200,000 parents face a smaller state pension because the wrong person is claiming child benefit

23 November 2019

Thousands of women could see their pensions reduced because child credits are in the name of their spouse


Thousands of women could see their state pension reduced in retirement because their claim for child benefit is in the name of their partner.

A Freedom of Information (FOI) request put in by Royal London to HM Revenue and Customs has revealed that around 200,000 couples are making the wrong choice about who claims child benefit, potentially costing them thousands of pounds.

To qualify for the full state pension, you need a total of 35 qualifying years of national insurance contributions or credits (NICs).

However, as women are still more likely to take time out from work to raise children or become carers, they are at greater risk of having gaps in their NICs.

Parents with children under the age of 12 claiming child benefit will get NICs. As a result, in the years they are not employed and looking after their children their state pension record will not suffer.

A year of NICs builds up the same amount of state pension as a year in paid work paying NI contributions.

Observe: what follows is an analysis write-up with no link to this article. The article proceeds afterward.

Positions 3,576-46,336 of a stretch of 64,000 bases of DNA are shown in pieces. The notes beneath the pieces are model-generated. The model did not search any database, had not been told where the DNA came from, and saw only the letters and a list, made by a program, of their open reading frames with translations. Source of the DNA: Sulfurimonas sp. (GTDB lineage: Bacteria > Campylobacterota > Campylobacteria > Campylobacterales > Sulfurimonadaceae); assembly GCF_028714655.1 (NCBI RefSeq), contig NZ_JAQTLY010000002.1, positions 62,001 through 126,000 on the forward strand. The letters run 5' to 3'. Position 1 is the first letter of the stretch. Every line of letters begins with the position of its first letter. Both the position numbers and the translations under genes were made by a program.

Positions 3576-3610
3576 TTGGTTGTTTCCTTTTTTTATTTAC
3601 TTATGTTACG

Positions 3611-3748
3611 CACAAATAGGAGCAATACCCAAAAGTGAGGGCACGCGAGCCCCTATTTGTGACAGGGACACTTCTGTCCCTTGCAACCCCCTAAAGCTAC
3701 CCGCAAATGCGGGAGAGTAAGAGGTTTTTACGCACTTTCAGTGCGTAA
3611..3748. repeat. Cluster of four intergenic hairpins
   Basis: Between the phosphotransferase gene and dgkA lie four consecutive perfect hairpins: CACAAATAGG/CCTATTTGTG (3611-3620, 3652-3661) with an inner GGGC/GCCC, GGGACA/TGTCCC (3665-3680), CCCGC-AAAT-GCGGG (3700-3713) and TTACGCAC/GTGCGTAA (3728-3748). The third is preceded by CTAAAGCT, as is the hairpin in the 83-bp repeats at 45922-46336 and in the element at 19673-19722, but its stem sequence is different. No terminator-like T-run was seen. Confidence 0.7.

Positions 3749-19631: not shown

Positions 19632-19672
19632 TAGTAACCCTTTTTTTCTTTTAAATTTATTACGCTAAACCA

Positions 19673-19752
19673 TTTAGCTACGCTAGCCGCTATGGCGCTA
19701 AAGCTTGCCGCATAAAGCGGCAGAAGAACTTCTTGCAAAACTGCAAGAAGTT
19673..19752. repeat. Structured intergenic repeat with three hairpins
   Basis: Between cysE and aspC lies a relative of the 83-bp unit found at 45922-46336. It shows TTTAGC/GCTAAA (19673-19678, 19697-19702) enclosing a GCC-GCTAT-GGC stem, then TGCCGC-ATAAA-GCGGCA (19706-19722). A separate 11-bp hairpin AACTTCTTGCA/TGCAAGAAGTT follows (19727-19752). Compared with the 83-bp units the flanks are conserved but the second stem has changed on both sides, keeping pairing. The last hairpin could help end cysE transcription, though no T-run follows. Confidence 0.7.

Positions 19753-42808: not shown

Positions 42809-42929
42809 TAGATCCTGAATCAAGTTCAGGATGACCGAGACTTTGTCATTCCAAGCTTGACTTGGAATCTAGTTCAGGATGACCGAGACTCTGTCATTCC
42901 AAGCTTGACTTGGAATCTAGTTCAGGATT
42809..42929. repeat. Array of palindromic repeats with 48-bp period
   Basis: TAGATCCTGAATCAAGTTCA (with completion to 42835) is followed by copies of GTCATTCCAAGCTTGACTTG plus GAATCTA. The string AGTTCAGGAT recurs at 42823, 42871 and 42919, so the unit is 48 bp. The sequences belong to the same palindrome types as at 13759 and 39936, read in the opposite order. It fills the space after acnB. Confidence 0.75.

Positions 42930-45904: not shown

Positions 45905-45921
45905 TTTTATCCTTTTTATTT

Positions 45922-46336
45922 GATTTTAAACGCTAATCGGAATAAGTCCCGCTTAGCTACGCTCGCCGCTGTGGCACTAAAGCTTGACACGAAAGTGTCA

Given that 35 years of contributions are needed for a full state pension, just one year of credits can be worth 1/35 of a pension – this is roughly £250 per year on the pension at retirement or £5,000 over a typical 20-year retirement.

The credit will only go to one parent, usually the lower earner or one that is not working. This is because the higher earner will most likely be in paid work and therefore already paying NICs so does not need the credit.

The FOI shows that in around 200,000 couples there is a non-earner - or very low earner - who could benefit from a credit but is not doing so because the child benefit is in the name of their spouse.

Steve Webb, director of policy at Royal London, says: “It is quite right that parents who are looking after children get protection for their state pension record if they are out of paid work.  But this protection only works if the ‘right’ parent claims child benefit.

“It is very worrying that in around 200,000 families one partner is potentially missing out on the state pension protection that is rightfully theirs.”

How you can claim

The good news that this problem can be easily fixed by completing a form, even if you want to back date the claim.

This CF411a form can be downloaded here.

Royal London warns that parents who are not aware of this could find their state pension reduced by hundreds or even thousands of pounds a year in retirement if they do not take action.

Mr Webb says: “Whilst this can be fixed by filling in the relevant form, many people will be unaware of this. HM Revenue and Customs should do much more to alert people who might be affected in order to make sure that many thousands of parents do not end up being penalised in retirement.”

Add new comment